ALBUQUERQUE, N.M. — Bureau of Reclamation Commissioner Mike Connor told members of the Senate Energy and Natural Resources Committee that we can expect to see a pilot “water leasing” program in the Middle Rio Grande Conservancy District by 2014. Water leasing involves voluntary transactions between water rights holders and water buyers, often to compensate farmers to free up water to be left in streams and rivers for environmental flows.
The exchange, with Sen. Martin Heinrich, came during a confirmation hearing – Connor’s been nominated to be Deputy Secretary of the Interior. Conner called water leasing “absolutely one of the most critical tools” for 21st century western water management. Here’s the full exchange:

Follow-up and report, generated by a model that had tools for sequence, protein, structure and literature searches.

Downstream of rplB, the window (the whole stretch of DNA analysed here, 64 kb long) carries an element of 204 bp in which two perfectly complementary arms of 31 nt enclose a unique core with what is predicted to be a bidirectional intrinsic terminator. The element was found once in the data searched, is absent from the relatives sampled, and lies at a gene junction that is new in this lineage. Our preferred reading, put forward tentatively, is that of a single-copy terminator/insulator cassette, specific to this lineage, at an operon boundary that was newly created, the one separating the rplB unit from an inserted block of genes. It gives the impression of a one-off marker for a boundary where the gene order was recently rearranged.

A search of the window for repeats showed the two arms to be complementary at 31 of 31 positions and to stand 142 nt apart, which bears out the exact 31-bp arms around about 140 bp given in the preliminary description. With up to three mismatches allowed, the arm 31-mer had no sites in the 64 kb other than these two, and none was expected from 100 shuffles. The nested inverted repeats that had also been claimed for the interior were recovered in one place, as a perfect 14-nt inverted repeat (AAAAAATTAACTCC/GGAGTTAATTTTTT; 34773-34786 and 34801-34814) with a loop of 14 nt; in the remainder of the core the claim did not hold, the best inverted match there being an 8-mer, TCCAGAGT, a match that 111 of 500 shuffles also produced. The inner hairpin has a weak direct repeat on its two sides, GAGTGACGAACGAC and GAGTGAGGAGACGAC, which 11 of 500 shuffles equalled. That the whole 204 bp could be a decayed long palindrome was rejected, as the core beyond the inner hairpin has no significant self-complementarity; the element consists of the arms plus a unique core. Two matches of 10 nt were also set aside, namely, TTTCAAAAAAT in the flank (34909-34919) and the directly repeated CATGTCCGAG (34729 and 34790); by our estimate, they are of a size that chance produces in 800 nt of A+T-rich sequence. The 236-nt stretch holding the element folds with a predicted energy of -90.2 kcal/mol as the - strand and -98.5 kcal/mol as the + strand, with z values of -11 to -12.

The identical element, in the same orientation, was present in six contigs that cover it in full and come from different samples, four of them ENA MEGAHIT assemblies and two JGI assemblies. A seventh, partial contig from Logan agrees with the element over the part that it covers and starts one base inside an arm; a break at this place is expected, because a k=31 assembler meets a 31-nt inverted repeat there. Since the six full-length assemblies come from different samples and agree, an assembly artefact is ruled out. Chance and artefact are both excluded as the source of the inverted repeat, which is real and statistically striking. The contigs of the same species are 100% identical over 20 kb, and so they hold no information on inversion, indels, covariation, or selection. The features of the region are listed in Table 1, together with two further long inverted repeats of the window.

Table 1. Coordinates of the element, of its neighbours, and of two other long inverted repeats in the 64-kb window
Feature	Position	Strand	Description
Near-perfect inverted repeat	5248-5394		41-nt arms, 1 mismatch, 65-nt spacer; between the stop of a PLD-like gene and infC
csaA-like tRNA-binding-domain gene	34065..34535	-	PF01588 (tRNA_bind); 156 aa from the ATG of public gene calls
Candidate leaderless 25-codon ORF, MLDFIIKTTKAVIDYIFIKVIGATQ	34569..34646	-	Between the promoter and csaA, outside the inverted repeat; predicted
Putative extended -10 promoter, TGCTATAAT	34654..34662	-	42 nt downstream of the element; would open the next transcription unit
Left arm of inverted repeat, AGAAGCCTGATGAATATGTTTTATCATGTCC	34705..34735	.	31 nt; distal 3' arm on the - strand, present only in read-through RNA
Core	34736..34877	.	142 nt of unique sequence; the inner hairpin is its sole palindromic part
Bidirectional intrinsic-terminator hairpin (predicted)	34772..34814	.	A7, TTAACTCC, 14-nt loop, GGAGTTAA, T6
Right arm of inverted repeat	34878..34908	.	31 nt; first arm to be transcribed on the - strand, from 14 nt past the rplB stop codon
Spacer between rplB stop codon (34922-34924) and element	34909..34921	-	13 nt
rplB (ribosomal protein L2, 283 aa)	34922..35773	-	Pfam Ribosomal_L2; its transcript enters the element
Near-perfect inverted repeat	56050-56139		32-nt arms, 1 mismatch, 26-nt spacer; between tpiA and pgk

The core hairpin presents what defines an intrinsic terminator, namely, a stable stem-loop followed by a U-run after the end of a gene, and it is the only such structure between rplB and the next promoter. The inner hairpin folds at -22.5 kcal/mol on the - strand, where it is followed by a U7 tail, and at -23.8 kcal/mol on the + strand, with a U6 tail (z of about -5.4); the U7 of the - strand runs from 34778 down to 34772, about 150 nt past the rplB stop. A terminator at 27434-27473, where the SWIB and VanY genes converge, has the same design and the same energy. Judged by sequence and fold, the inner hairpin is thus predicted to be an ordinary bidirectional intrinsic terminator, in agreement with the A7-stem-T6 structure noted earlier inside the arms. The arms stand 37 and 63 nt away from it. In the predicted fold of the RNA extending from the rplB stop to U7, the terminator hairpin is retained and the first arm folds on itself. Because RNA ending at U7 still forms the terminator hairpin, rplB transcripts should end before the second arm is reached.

Here’s some background on water leasing in New Mexico from a story I wrote earlier this summer:
There are also conversations underway about a similar program in the farm water system between Cochiti Reservoir and Socorro managed by the Middle Rio Grande Conservancy District, though early discussions suggest it will not be easy.
Sen. Tom Udall, D-N.M., included language in the Fiscal Year 2014 appropriations bill urging the Bureau of Reclamation to explore setting up a program under which conservancy district farmers could be paid to take land out of production during dry years, with the irrigation water they would have used left in the Rio Grande. As a first step, Udall’s legislation calls for a water metering program for conservancy district farmers. Currently, individual farmers’ water use is not measured.